At a professional league ground near you, the following conversation will be taking place. After an excellent morning training session, in which the players all worked hard, and didn’t wind up the assistant coach they all hate, or cut the crotch out of the new trousers belonging to the reserve goalie, the captain or some senior player will go into the manager’s office.

“Hi, gaffer. Just thought I’d let you know that we’ve booked the Salvation Hall. They’ll leave the table-tennis tables in place, so we’ll probably have a few games, as it’s the players’ Christmas party, OK?”

“FECKING CHRISTMAS PARTY!? I TOLD YOU NO CHRISTMAS PARTIES THIS YEAR. NOT AFTER LAST YEAR. GERROUT . . .”

So the captain has to cancel the booking – which was actually at the Salvation Go Go Gentlemen’s Club on the high street, plus the Saucy Sporty Strippers, who specialise in naked table tennis.

One of the attractions for youths, when they dream of being a footballer or a pop star, is not just imagining themselves number one in the Prem or number one in the hit parade, but all the girls who’ll be clambering for them. Young, thrusting politicians have similar fantasies. Alas, it doesn’t always work out.

Today, we have all these foreign managers and foreign players coming here, not pinching our women (they’re too busy for that), but bringing foreign customs about diet and drink and no sex at half-time. Rotters, ruining the simple pleasures of our brave British lads which they’ve enjoyed for over a century.

The tabloids recently went all pious when poor old Wayne Rooney was seen standing around drinking till the early hours at the England team hotel after their win over Scotland. He’d apparently been invited to a wedding that happened to be going on there. What I can’t understand is: why join a wedding party for total strangers? Nothing more boring than someone else’s wedding. Why didn’t he stay in the bar and get smashed?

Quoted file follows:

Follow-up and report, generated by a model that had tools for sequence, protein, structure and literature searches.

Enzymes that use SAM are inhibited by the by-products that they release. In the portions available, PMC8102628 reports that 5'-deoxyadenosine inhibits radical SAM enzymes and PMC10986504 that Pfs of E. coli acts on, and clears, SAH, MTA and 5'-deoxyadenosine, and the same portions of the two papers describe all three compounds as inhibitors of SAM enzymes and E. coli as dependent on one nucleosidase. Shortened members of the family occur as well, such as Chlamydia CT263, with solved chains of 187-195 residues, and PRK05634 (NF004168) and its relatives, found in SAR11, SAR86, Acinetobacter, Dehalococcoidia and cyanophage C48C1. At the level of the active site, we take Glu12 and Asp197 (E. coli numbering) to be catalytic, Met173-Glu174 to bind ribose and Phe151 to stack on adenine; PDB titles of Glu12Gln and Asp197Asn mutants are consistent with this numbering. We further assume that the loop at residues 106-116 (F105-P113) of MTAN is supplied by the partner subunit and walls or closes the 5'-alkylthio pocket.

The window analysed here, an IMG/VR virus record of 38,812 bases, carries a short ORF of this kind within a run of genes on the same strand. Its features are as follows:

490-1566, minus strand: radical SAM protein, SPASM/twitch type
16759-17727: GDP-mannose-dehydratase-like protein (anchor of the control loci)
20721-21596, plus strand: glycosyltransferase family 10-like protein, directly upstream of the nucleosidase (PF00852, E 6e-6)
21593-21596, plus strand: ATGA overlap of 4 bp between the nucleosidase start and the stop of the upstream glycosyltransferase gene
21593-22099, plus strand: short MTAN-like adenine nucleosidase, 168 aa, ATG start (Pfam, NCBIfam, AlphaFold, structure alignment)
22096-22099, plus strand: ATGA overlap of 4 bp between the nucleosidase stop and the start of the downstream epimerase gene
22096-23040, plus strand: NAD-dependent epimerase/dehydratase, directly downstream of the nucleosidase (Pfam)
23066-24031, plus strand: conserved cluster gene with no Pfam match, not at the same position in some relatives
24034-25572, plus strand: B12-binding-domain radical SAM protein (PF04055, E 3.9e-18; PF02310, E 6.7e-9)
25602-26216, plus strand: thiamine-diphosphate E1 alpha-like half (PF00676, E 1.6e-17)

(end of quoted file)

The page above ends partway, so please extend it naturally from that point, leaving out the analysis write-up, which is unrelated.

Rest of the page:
Even odder was the behaviour of two other England stars, Adam Lallana and Jordan Henderson. They made a 220-mile round trip from their hotel in Hertfordshire to visit a strip club, For Your Eyes Only, in Bournemouth. Bournemouth! Don’t they have naked women in Herts? I thought one of the points of having all these millions – and a vast office staff employed by your agent – is that anything you want gets fixed for you. Why couldn’t dancing girls have been shuttled into another hotel down the road? Or even to the lads’ own hotel, dressed as French maids?

In the years when I travelled with the Spurs team, it was quite common in provincial towns, after a Saturday game, for players to pick up girls at a local club and share them out.

Like top pop stars, top clubs have fixers who can sort out most problems, and pleasures, as well as smart solicitors and willing police superintendents to clear up the mess afterwards.

The England players had a night off, so they weren’t breaking any rules, even though they were going to play Spain 48 hours later. It sounds like off-the-cuff, spontaneous, home-made fun. In Wayne’s case, he probably thought he was doing good, being approachable, as England captain.

Quite why the other two went to Bournemouth was eventually revealed by one of the tabloids. It is Lallana’s home town. He obviously said to Jordan Henderson, “Hey Hendo, I know a cool club. They always look after me. Quick, jump into my Bentley . . .”

They spent only two hours at the club. Henderson drank water. Lallana had a beer. Don’t call that much of a night out.

In the days of Jimmy Greaves, Tony Adams, Roy Keane, or Gazza in his pomp, they’d have been paralytic. It was common for players to arrive for training still drunk, not having been to bed.

Peter Crouch, the former England player, 6ft 7in, now on the fringes at Stoke, came out with one of the wittiest football lines. When asked what he thought he would have been but for football, he replied: “A virgin.”

Hunter Davies is a journalist, broadcaster and profilic author perhaps best known for writing about the Beatles. He is an ardent Tottenham fan and writes a regular column on football for the New Statesman.

This article first appeared in the 01 December 2016 issue of the New Statesman, Age of outrage